If the past year and a half has taught us anything, it’s that even the best-laid plans can take an unexpected turn. The same can be said when it comes to keeping your utility tractor running smoothly. There will come a time when every tractor is due for some repair work. While you can minimize the chances of operational issues with a proactive approach to your maintenance routine, unexpected problems can still arise. Operators need to know how to recognize these issues and address them before a simple maintenance issue becomes a major equipment repair.
As trade professionals, the last thing you need is to be spending critical company resources on more repairs than necessary. As Kioti Tractor’s dealer development manager, I’ve heard countless real-life examples of dealers assisting customers with costly repairs that could have been avoided or mitigated through some simple maintenance checks. That’s why I’m going to share with you the top five signs that your utility tractor needs a maintenance check and what to do about them. Conveniently, they line up with your five senses, which are key to knowing if something isn’t right with your tractor.
Still, remember to always consult your owner’s manual before performing any maintenance on your tractor. If you’re unsure about any aspect of your tractor’s maintenance needs, reach out to your dealer for one-on-one assistance. With that, let’s dive in.
1. Spot Anything Out of the Ordinary
As an industry professional using equipment for all types of jobs, you’re probably highly familiar with your utility tractor. That’s why taking just a few moments to do a walkaround before bringing it out on the jobsite each morning is a great way to spot any emerging maintenance issues. Notice anything out of the ordinary about the tractor? Raise the hood and take a look underneath. Is the radiator clear? Be sure to remove any lingering debris. How is the tire pressure, and do you notice any possible puncture spots? Are there any potentially loose lug nuts or other hardware on the unit? Grab a wrench to secure them. If any strings or weeds from the previous day’s work are wrapped around the axles, pull them loose. A daily walkaround is also a great time to check your fluid levels and grease your equipment before starting the day. With a daily walkaround, you can spot countless issues before they become a more serious and costly problem that could keep your equipment off the jobsite for several days.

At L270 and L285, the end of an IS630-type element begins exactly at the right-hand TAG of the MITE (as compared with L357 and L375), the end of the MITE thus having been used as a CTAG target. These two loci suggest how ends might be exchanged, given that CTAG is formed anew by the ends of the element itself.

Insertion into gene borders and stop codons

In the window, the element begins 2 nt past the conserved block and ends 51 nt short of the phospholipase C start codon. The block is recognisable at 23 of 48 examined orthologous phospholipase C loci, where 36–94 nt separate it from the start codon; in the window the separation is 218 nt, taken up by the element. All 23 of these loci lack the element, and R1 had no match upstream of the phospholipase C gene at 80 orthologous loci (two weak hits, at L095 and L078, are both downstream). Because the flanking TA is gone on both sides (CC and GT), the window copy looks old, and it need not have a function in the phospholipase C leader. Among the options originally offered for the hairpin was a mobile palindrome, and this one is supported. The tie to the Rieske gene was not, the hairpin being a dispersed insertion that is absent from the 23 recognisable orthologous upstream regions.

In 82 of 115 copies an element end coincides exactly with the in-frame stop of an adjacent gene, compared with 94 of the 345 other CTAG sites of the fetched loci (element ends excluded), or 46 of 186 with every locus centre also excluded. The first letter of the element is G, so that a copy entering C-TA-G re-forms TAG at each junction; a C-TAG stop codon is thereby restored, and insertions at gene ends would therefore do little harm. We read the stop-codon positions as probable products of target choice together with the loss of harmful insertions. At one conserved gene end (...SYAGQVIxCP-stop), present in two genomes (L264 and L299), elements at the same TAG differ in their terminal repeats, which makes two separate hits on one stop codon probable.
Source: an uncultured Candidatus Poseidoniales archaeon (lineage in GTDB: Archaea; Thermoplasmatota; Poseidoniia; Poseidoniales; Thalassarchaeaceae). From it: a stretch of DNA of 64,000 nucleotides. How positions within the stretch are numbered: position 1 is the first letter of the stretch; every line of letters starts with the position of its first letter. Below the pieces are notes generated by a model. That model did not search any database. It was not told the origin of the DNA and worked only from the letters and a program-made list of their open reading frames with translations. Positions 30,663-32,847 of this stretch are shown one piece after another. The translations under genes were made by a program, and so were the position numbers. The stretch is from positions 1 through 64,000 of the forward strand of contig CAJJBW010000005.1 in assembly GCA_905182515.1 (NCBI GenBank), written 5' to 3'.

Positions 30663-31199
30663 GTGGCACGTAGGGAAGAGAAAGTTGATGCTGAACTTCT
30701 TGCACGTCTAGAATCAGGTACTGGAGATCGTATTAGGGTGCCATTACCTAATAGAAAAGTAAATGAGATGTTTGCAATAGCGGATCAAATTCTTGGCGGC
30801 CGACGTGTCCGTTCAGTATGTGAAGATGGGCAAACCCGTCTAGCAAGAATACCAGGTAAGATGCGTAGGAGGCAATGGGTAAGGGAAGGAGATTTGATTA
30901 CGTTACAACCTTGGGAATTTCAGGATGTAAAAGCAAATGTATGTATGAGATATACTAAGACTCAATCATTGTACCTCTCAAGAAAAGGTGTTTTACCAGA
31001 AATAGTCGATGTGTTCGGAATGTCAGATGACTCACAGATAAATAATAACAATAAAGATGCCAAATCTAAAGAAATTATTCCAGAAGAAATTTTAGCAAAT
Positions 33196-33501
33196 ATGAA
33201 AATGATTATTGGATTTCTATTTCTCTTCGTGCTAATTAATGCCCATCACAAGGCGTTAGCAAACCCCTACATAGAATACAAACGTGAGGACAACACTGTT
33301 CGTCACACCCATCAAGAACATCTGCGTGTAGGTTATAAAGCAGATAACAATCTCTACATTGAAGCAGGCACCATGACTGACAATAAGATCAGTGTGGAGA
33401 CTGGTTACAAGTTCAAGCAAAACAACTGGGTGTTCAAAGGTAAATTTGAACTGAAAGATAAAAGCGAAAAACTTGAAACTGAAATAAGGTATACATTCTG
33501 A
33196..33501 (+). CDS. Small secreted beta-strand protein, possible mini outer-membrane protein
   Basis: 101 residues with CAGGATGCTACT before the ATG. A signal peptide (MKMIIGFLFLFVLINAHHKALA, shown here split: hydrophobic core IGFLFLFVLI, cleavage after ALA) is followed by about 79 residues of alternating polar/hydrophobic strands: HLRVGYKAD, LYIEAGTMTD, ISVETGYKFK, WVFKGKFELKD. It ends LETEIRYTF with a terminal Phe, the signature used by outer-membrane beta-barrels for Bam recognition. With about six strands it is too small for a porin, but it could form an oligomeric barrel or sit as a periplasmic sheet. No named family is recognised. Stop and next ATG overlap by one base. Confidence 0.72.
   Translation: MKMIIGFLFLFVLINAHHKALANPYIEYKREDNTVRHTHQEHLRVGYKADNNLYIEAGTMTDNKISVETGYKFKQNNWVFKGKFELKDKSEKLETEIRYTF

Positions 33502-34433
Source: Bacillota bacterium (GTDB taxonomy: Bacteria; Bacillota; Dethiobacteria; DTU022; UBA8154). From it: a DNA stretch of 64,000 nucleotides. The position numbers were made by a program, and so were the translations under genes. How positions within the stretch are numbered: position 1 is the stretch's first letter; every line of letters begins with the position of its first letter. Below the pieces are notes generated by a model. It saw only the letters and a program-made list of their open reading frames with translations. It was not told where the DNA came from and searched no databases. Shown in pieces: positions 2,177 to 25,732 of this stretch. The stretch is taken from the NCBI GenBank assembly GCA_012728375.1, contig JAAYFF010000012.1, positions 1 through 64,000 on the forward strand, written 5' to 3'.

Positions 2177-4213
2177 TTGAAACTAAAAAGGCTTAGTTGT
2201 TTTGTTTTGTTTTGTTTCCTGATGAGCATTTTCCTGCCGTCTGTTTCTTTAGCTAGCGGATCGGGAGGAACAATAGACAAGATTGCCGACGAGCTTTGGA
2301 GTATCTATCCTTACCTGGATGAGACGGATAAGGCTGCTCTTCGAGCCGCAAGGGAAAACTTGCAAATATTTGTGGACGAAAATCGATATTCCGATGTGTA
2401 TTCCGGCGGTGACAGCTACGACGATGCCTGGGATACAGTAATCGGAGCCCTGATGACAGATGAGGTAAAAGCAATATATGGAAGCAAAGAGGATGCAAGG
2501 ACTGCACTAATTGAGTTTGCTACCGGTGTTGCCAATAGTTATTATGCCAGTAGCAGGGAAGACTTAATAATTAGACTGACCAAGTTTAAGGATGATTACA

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2. You Hear an Abnormal Sound
If you’re on your tractor at least a few days every week, you’re accustomed to the purr of the engine and the usual squeaks and clanks of your attachments when working away on the task at hand. If you’re out on the jobsite and your tractor begins to make an unexpected sound, it’s worth pausing your work to investigate the issue before it gets worse. Through long workdays, different jobsite conditions and hundreds of different tasks, you become accustomed to the normal sounds when working with your tractor. A clank at the loader bucket when you strike a rock loading dirt, a dull squeak from the rattle of your box blade scarifier as you smooth gravel or the squish of mud as it is forced from underneath the tread of your tire are all sounds you may be accustomed to hearing from your tractor.